He started by talking about the “bride’s chair.” This is the famous image which gives the geometric interpretation of the Pythagorean theorem. Rather than our usual algebraic a^2+b^2=c^2, it shows that the sum of the areas of the squares on sides a and b is equal to the area of the square on the side c.

He went on to point out, for instance, that the figures on the sides of the triangle need not be squares. Any similar shapes will do. For example, in the figure below we see that the area sum property holds for semicircles as well. (This is in Euclid’s Elements, VI.31: In right-angled triangles the figure on the side opposite the right angle equals the sum of the similar and similarly described figures on the sides containing the right angle.)

He also discussed various properties of the so-called Vecten configuration. This is the same as the brides’ chair, but for triangles that aren’t right.

One property that I thought was particular nice is that if we take a Vecten configuration and draw in the three “flanks” (the red triangles below), then the area of each of the three flanks is the same as the area of the original (blue) triangle.

Finally, we turn to a Vecten-type configuration, but with equilateral triangles on each face. In this case, if we join the midpoints of each of the equilateral triangles, we obtain a new equilateral triangle (the red triangle below). This is now known as Napoleon’s theorem (yes, that Napoleon, and no, although he was interested in mathematics, we don’t believe that he discovered or proved this theorem).

This entire talk was fascinating. There was a lot more great material in it. I’ll have to check out their book!

How to draw a towel on a beach

Annalisa Crannell gave an amazing talk called “In the shadow of Desargues” on math, art, and perspective drawing. The main focus of her talk was Desargues’s theorem and using it to draw a towel on a beach. I couldn’t do the topic justice here, so you’ll have to check out her new book (with Marc Franz) called Viewpoints: Mathematical Perspective and Fractal Geometry in Art. I’m excited to read it.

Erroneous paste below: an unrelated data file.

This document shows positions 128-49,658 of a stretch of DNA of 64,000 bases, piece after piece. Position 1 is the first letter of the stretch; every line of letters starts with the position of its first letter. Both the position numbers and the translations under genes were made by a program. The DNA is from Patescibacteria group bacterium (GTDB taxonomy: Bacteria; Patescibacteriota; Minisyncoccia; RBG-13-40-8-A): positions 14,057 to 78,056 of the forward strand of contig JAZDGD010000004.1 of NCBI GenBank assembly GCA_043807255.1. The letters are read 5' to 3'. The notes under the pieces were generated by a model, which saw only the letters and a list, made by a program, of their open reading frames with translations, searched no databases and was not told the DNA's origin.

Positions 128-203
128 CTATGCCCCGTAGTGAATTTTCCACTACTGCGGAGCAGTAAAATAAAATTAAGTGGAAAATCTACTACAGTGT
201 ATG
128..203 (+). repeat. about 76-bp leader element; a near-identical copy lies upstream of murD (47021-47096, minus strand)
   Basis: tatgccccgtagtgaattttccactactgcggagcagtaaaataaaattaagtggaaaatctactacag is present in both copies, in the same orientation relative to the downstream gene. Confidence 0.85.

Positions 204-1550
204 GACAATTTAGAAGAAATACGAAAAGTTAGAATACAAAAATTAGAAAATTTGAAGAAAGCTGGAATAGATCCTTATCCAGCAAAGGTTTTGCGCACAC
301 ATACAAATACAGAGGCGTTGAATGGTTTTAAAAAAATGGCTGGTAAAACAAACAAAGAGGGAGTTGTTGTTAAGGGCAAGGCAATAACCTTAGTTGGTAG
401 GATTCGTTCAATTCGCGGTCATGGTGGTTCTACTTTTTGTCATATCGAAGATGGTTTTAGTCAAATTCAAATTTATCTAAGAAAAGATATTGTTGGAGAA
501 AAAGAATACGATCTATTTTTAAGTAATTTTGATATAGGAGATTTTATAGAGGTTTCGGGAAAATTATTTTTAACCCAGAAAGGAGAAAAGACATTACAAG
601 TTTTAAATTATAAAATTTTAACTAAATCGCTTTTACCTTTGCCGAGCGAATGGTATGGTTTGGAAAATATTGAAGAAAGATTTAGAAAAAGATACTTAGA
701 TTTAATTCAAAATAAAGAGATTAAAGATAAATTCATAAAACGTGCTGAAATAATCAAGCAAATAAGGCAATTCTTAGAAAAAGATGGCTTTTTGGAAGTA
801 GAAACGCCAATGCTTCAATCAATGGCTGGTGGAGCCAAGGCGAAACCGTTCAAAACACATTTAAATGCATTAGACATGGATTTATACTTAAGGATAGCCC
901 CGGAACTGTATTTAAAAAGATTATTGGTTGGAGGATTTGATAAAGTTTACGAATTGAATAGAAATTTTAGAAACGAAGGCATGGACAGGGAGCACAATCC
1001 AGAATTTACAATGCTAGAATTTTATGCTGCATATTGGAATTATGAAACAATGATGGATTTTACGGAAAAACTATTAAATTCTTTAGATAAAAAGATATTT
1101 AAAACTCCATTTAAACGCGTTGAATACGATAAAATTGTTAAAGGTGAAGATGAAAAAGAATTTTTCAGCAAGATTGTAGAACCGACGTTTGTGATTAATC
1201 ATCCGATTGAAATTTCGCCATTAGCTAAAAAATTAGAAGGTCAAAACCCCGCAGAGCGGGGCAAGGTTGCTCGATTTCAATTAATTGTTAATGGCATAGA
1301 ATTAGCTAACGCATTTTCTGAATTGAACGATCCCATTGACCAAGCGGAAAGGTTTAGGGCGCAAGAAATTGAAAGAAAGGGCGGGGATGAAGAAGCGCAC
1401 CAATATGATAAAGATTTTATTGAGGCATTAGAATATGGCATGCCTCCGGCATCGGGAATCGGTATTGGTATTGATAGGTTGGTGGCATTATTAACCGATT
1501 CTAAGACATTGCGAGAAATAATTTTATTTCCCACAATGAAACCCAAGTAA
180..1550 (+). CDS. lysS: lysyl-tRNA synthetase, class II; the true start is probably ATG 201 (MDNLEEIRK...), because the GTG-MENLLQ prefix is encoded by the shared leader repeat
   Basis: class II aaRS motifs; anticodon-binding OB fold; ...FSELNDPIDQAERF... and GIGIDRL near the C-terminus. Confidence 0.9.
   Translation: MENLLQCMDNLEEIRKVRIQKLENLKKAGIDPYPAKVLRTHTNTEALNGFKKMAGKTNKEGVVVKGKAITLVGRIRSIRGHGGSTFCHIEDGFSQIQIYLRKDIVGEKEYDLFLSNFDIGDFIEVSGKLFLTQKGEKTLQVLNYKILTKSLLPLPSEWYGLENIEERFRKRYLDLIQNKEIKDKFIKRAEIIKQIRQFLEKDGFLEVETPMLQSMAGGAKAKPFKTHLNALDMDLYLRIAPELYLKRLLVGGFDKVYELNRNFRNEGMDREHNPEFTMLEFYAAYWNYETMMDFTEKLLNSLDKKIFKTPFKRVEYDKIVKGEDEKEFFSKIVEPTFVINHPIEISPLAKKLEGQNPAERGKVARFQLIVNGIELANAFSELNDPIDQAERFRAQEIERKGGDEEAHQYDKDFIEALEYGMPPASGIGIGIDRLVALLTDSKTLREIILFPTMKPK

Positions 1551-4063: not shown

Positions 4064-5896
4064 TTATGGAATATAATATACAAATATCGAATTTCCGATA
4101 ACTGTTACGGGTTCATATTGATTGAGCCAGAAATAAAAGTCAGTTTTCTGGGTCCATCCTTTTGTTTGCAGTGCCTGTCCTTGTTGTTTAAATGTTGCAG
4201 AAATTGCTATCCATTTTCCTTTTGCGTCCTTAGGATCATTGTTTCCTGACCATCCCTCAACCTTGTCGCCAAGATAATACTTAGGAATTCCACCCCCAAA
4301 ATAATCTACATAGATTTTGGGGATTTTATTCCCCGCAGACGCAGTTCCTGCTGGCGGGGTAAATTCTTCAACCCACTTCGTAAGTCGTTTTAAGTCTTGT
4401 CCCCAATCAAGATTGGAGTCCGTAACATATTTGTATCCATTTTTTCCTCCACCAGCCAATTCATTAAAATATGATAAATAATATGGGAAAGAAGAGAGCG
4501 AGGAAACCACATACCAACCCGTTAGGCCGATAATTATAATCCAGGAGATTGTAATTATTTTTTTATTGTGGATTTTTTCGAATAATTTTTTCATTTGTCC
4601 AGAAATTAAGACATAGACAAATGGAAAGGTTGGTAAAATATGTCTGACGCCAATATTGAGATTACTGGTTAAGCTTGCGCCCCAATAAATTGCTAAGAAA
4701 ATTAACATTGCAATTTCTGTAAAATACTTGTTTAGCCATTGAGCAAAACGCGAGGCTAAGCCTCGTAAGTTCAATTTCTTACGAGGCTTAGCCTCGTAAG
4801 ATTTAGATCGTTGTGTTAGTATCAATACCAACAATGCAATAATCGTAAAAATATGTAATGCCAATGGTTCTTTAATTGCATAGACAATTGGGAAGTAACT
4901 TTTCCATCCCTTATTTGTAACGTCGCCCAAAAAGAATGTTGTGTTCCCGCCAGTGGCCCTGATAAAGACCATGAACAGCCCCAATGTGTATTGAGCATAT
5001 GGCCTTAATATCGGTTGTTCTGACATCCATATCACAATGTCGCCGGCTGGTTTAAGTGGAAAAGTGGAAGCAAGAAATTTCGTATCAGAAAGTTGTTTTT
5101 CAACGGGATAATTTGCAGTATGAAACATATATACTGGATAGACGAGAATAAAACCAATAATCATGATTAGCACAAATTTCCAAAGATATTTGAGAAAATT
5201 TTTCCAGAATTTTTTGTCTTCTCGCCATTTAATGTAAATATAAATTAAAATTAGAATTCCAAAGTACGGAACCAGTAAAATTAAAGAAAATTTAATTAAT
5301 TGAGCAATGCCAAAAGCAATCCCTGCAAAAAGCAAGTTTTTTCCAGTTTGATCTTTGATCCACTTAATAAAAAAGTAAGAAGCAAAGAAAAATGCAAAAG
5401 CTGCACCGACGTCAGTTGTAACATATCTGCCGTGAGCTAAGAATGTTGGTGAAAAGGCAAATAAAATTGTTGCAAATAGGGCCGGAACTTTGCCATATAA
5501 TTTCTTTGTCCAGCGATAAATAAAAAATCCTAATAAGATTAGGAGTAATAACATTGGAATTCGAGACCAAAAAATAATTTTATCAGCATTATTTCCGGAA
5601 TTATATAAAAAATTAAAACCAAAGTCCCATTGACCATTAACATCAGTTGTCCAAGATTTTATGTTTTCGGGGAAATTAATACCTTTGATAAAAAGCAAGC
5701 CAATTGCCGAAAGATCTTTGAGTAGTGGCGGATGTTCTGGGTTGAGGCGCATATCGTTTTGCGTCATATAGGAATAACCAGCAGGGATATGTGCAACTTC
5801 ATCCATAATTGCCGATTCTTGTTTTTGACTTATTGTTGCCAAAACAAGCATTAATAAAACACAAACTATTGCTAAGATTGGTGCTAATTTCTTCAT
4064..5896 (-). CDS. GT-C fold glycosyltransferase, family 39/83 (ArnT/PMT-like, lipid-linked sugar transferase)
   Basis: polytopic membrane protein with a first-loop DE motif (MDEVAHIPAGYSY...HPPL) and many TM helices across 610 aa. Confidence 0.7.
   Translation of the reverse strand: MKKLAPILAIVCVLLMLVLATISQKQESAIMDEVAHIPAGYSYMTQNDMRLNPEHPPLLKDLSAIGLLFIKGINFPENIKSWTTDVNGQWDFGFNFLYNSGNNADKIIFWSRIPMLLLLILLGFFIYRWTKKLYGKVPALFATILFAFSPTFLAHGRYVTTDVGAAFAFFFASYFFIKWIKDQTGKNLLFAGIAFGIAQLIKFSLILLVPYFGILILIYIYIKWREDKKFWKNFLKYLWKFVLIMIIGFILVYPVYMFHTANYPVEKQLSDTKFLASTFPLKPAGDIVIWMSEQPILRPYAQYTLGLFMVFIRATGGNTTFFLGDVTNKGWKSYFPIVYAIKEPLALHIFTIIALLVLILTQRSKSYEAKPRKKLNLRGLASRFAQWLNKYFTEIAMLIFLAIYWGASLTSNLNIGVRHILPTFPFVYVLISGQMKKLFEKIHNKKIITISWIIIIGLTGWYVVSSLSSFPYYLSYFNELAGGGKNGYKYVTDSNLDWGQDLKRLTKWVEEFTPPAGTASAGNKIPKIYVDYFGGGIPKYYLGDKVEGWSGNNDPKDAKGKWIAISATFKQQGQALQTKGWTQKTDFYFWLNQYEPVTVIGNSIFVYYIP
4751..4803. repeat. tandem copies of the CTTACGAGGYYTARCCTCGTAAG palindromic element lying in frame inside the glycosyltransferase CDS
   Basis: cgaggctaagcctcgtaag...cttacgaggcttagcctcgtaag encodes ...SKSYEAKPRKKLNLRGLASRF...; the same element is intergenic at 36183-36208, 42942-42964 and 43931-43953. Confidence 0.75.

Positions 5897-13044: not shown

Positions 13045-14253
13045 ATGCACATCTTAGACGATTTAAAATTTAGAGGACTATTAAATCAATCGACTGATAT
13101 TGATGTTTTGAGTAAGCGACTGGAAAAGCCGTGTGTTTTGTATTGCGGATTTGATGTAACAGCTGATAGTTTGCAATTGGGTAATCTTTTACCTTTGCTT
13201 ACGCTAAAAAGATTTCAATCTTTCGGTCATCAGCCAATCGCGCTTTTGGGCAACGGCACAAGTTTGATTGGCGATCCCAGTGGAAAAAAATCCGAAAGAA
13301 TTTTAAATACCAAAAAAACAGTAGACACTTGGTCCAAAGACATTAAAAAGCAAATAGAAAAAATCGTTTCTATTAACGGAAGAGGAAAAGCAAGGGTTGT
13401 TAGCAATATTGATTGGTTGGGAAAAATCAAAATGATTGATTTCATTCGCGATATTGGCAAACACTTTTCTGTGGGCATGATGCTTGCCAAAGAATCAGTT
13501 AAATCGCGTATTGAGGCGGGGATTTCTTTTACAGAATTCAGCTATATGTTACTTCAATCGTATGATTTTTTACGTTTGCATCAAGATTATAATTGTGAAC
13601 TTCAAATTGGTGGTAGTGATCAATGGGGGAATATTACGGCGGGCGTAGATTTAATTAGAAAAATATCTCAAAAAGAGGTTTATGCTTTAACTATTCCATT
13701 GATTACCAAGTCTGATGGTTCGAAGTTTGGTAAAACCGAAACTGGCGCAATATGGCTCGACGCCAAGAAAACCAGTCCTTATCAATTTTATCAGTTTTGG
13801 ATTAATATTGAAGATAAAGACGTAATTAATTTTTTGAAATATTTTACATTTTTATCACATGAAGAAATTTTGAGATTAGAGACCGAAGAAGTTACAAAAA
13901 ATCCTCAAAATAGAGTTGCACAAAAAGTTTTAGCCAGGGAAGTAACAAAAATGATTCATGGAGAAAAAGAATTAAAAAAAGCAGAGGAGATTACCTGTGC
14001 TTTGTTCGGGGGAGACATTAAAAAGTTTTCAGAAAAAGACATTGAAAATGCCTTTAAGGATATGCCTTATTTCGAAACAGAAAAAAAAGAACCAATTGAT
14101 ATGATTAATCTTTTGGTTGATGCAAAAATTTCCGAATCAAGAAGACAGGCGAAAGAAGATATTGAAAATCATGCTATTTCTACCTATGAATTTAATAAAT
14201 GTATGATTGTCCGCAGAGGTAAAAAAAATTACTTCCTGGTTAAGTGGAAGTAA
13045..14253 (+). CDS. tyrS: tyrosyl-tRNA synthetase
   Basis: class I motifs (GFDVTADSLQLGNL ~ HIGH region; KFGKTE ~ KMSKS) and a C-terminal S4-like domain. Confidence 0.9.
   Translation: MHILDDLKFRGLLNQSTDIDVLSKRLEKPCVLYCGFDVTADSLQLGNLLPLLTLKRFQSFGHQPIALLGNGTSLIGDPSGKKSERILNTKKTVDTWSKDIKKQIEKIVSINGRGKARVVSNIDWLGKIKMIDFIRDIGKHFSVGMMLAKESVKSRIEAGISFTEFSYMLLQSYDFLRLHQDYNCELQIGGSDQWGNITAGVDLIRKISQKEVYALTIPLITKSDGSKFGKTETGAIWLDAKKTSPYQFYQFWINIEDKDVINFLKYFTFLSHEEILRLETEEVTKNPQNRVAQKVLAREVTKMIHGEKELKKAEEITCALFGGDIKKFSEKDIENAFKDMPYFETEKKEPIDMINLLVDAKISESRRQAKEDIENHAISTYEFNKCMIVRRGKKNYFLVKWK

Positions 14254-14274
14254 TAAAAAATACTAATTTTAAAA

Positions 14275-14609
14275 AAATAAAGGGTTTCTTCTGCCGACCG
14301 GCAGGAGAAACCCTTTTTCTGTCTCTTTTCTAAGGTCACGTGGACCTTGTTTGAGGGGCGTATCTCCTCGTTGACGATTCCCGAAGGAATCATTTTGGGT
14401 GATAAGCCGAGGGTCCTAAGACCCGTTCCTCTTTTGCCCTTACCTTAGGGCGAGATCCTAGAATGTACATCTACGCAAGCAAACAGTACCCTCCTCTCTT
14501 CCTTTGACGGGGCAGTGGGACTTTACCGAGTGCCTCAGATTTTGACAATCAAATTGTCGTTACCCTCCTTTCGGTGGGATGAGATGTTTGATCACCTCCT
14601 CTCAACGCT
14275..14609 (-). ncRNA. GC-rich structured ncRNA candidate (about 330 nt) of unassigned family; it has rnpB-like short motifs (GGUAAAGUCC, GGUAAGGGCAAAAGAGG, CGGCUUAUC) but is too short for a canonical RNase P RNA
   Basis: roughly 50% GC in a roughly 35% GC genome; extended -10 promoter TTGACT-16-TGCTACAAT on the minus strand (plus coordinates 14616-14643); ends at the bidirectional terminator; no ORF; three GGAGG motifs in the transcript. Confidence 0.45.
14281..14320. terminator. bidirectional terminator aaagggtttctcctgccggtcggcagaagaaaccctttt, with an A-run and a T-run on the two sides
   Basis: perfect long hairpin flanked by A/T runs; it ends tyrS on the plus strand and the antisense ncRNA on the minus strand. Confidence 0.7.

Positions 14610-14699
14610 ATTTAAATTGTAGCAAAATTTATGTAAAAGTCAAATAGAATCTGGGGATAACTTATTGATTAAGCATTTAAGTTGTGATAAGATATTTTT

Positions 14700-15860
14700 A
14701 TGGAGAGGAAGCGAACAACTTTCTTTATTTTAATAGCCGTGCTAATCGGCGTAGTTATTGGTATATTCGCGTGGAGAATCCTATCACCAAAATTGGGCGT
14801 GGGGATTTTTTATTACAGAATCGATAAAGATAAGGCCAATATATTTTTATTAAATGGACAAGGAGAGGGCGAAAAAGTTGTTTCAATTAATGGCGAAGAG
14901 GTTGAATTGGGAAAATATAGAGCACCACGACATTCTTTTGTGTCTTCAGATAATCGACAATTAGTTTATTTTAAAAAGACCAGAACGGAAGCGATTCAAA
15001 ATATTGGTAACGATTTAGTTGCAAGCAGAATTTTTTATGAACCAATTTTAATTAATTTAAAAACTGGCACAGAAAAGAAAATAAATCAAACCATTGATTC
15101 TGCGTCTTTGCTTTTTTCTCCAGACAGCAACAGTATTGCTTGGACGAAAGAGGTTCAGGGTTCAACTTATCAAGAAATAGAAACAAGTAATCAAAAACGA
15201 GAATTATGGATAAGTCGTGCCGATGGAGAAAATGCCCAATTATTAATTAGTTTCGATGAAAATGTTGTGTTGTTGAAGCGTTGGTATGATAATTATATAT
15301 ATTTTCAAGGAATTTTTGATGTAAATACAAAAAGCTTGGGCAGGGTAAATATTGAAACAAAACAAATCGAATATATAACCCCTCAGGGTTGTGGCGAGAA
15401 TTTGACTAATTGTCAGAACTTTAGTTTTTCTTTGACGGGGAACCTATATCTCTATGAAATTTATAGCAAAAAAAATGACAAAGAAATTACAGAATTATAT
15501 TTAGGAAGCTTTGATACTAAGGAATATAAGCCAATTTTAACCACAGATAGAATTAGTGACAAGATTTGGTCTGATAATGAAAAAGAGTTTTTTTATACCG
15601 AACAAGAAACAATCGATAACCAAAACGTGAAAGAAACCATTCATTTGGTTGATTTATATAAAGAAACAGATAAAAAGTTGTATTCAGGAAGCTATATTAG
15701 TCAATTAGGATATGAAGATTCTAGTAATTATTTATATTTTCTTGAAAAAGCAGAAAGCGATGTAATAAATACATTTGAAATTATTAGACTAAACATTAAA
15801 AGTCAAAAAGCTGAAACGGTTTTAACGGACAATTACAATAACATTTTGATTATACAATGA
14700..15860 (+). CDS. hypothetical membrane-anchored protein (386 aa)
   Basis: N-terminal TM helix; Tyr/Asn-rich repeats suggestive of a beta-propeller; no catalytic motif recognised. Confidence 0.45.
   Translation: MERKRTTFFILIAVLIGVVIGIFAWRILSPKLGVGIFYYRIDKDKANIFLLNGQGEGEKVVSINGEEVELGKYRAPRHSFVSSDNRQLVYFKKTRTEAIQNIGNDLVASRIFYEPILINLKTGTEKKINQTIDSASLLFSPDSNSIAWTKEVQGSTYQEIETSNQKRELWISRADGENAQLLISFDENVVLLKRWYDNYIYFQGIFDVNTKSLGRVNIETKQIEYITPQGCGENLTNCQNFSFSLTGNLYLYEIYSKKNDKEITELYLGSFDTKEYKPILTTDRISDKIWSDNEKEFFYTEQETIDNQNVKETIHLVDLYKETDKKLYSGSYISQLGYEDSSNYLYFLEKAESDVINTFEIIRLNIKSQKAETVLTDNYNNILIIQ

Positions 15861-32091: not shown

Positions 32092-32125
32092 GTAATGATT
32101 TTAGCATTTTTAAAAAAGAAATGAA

MAA: The Musical

Finally, I was honored to be asked to participate in MAA: The Musical, which was performed during the opening banquet. I was happy to be asked and even happier not to be asked to sing in the production. I was enlisted as tech support (running the slide-show that went along with their songs). That was right up my alley. The MAA players were Alissa Crans, Annalisa Crannell, Art Benjamin, Bud Brown (musical director), Dan Kalman, David Bressoud, Francis Su, Frank Farris, Jennifer Beineke, Jenny Quinn, Matthew DeLong, Norm Richert, Paul Zorn, Talithia Williams. They did an amazing job (at least one song is now on YouTube).

[Update: Francis Su recorded the entire performance on his phone. It is now available online (audio only). Enjoy!]

All-in-all, it was a great conference.

Posted by: Dave Richeson | June 22, 2011

The Japanese theorem for nonconvex polygons

A couple of years ago I wrote blog posts about two beautiful theorems from geometry: the so-called Japanese theorem and Carnot’s theorem. Today I finished a draft of a web article that looks at both of these theorems in more detail. It contains all that you could want—connections between these theorems, generalizations of them, and consequence of them. It even has a little topology (the n-dimensional torus makes an appearance). The mathematics is supplemented by some Geogebra applets so that you can see the theorems in action.

You can find the draft of the article here: The Japanese theorem for nonconvex polygons [The article is now online at the MAA’s Loci.]